ZIMBABWE will this year witness a milestone in the broadcasting sector with the Government set to license six television and 29 radio stations. This follows an invitation by the Broadcasting Authority of Zimbabwe on Thursday for applications to take up the slots which comprise six national commercial television stations, 10 community radio stations and 19 campus radio stations for a 10-year period.
The development means the monopoly enjoyed by the Zimbabwe Broadcasting Corporation in television will be broken for the first time since independence giving viewers a wider choice, improved programming and a plurality of voices. Jobs will also be created in the broadcast sector with radio — whose set up costs are relatively lower than television — likely to absorb thousands of unemployed broadcast media professionals.
Further downstream, local independent content producers must be smiling at the prospect of a bigger market to sell their content. But the excitement is in television where the national broadcaster has enjoyed virtually no competition for a long time. This has seen standards at ZBCtv plummet over the years while programming has hardly improved.
The entry of new players will, apart from increasing competition, improve content at ZBC as it grapples with new kids on the block who are likely to change the game. Television has transformed in leaps and bounds with digital networks dominating the industry.
ZBC will have to up its game by improving content and the quality of its programming if it is to keep abreast with competition likely to be offered by the likes of Zimpapers Television Network (ZTN) whose standards are a notch higher. Most Zimbabweans in urban areas had turned to costly foreign digital satellite networks but with the licensing of new players, they now have a variety of local stations to choose from.
Elsewhere, the licensing of community radio stations is an exciting and groundbreaking development which will give marginalised communities a voice. We are pleased that the Matabeleland region will get seven of the 10 community radio station licenses.
We surmise that this was a deliberate move by the Government taking into account that people in places such as Victoria Falls, Beitbridge, Manama, Ndolwane, Plumtree and Binga cannot access local radio stations. Community radios in these places will enhance development, promote minority languages spoken in those communities and give ordinary people a voice.
Campus radio stations, which will be given to all State universities, polytechnics and private universities, are likely to create a buzz around institutions of higher learning where students will finally have a platform to air their views and grievances.
These stations will also enhance their academic progress as some courses such as broadcast journalism will now have an outlet for students to translate what they learn theoretically into practice. Universities also have an opportunity to set trends in broadcasting which can then be emulated by the wider industry in the country.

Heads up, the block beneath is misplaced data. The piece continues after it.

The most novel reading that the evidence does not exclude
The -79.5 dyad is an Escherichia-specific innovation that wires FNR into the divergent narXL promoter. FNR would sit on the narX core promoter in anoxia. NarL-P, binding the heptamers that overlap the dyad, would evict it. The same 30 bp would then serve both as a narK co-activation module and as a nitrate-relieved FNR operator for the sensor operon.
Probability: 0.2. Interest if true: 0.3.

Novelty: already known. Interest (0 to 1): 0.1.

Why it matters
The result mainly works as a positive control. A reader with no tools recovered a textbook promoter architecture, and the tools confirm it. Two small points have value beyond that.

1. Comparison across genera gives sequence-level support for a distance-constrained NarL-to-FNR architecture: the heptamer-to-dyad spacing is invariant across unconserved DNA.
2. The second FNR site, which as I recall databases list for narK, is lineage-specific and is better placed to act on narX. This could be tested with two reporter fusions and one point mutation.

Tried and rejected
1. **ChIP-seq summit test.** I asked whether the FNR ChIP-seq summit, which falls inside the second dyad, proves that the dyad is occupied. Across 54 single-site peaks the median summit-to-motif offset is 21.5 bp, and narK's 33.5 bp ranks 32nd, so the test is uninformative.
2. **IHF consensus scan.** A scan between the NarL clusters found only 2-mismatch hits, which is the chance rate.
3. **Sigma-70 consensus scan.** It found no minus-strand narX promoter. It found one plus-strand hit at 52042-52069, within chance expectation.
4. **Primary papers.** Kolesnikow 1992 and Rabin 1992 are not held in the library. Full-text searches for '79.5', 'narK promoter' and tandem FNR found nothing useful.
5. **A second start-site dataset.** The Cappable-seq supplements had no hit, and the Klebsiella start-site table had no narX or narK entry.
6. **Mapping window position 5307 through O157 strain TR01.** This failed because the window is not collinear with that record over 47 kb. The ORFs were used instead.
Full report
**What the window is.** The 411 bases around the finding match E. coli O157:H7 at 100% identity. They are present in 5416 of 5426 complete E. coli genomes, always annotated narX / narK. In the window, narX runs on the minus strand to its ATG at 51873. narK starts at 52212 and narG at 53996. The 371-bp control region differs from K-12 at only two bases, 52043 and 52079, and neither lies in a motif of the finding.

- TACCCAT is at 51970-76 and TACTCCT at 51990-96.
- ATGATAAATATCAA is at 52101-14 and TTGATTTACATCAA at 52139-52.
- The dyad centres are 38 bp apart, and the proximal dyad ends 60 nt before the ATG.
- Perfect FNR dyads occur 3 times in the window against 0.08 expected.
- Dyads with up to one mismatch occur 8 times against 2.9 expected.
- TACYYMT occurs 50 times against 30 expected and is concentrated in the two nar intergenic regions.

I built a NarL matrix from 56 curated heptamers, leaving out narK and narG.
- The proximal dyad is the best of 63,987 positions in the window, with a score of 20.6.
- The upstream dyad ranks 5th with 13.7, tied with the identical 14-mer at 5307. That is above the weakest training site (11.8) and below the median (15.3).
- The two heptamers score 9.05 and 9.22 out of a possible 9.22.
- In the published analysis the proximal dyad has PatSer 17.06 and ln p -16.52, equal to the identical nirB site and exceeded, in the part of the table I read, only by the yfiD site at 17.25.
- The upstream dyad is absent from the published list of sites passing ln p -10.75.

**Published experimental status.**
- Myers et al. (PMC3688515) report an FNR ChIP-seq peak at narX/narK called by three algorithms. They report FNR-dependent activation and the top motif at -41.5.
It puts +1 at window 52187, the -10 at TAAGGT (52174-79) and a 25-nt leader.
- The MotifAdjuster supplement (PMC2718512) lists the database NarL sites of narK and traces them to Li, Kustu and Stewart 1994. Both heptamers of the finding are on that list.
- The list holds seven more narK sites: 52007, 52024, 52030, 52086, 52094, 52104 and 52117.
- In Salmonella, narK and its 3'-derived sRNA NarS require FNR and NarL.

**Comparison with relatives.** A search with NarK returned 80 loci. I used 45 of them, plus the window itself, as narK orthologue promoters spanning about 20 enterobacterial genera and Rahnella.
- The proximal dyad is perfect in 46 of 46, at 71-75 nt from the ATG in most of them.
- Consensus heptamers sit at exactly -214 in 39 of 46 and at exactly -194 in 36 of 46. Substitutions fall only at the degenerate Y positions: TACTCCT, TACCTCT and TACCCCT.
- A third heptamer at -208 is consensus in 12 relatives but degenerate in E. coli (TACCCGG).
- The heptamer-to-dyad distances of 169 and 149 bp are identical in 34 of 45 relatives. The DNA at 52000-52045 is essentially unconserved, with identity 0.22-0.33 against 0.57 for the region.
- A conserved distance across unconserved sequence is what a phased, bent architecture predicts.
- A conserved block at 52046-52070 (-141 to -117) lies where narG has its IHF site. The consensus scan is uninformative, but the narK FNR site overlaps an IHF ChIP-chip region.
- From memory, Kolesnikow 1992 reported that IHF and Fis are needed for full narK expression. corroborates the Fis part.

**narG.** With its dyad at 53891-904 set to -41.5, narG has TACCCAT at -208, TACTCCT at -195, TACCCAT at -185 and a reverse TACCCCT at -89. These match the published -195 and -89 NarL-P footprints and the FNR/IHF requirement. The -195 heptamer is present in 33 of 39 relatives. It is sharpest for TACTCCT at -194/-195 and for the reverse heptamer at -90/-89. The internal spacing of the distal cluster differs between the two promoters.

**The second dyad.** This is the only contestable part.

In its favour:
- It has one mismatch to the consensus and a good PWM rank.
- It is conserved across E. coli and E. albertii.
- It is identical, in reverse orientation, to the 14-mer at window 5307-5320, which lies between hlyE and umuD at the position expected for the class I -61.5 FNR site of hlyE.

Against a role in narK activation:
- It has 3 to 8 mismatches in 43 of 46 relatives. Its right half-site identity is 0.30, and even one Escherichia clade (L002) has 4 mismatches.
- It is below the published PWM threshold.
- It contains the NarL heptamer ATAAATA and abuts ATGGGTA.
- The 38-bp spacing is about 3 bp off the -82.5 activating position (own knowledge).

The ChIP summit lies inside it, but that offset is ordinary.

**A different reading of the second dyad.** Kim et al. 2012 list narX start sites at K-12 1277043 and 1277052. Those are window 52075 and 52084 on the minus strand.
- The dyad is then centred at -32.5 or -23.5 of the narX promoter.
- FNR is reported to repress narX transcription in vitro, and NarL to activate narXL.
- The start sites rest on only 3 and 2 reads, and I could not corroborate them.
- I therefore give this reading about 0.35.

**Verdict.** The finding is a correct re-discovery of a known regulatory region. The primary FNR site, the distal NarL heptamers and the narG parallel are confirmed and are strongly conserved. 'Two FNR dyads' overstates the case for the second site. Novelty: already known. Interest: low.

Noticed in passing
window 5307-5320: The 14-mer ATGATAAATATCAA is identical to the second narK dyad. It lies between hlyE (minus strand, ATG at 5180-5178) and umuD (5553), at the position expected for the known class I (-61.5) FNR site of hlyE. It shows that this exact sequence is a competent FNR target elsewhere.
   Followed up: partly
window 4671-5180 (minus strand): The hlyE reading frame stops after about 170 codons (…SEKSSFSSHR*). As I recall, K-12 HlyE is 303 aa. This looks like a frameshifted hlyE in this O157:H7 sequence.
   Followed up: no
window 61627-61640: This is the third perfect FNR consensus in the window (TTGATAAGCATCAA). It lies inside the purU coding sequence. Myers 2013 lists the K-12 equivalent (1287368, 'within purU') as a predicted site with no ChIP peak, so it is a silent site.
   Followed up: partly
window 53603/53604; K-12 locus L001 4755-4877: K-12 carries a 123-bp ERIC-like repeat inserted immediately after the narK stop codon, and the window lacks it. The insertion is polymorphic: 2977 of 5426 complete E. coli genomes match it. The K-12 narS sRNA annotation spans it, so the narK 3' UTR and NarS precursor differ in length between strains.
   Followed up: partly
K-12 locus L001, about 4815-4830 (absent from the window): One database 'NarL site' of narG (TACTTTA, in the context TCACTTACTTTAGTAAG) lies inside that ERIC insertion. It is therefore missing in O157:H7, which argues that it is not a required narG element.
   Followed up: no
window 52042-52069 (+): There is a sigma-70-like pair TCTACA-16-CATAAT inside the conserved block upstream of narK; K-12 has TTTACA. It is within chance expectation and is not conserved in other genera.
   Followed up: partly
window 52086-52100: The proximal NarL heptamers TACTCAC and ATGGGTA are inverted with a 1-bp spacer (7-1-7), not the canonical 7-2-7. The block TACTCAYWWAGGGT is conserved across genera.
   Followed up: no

University students and the academia, so long the voices of the downtrodden and torchbearers of the nation, will see their voices amplified as they contribute to national discourse from their own outlets unencumbered by the rigid dictates of mainstream broadcast players. All in all, the opening up of the airwaves is a welcome development in the country and dovetails with the reform agenda of the New Dispensation.
Slowly but surely Zimbabwe is inching ahead towards its democratisation agenda and plaudits should go to President Mnangagwa for staying true to his word. The reform of the media landscape is one of the key planks of Vision 2030 and we take note of the ground covered so far.
The repeal of legislation such as the Access to Information and Protection of Privacy Act, the lifting of the ban on some foreign media organisations, the generally freer and conducive environment in which the media is operating of late are worth mentioning. The licensing of new players in the television industry represents the final frontier in the reform of the media sector and we applaud the Government for taking such a bold step. This is not only a feather in the cap for the new administration but a demonstration of sincerity and commitment to the ideals of democracy.
The onus is now on the new players to show that they are up to the task of setting up television stations with the right infrastructure to service the nation. Emphasis should be on local content and a programming which reflects the values, norms, beliefs and character of Zimbabweans. The new entrants have their work cut out since they are coming into an industry which has been dominated by one player for a long time.
We wish them the best of luck as they embark on a challenging exercise fraught with pitfalls and a heavy financial commitment. Television is a powerful medium which places huge responsibility on its owners and we hope the new players will operate within the confines of the laws, rules and regulations of the Zimbabwean broadcasting sector.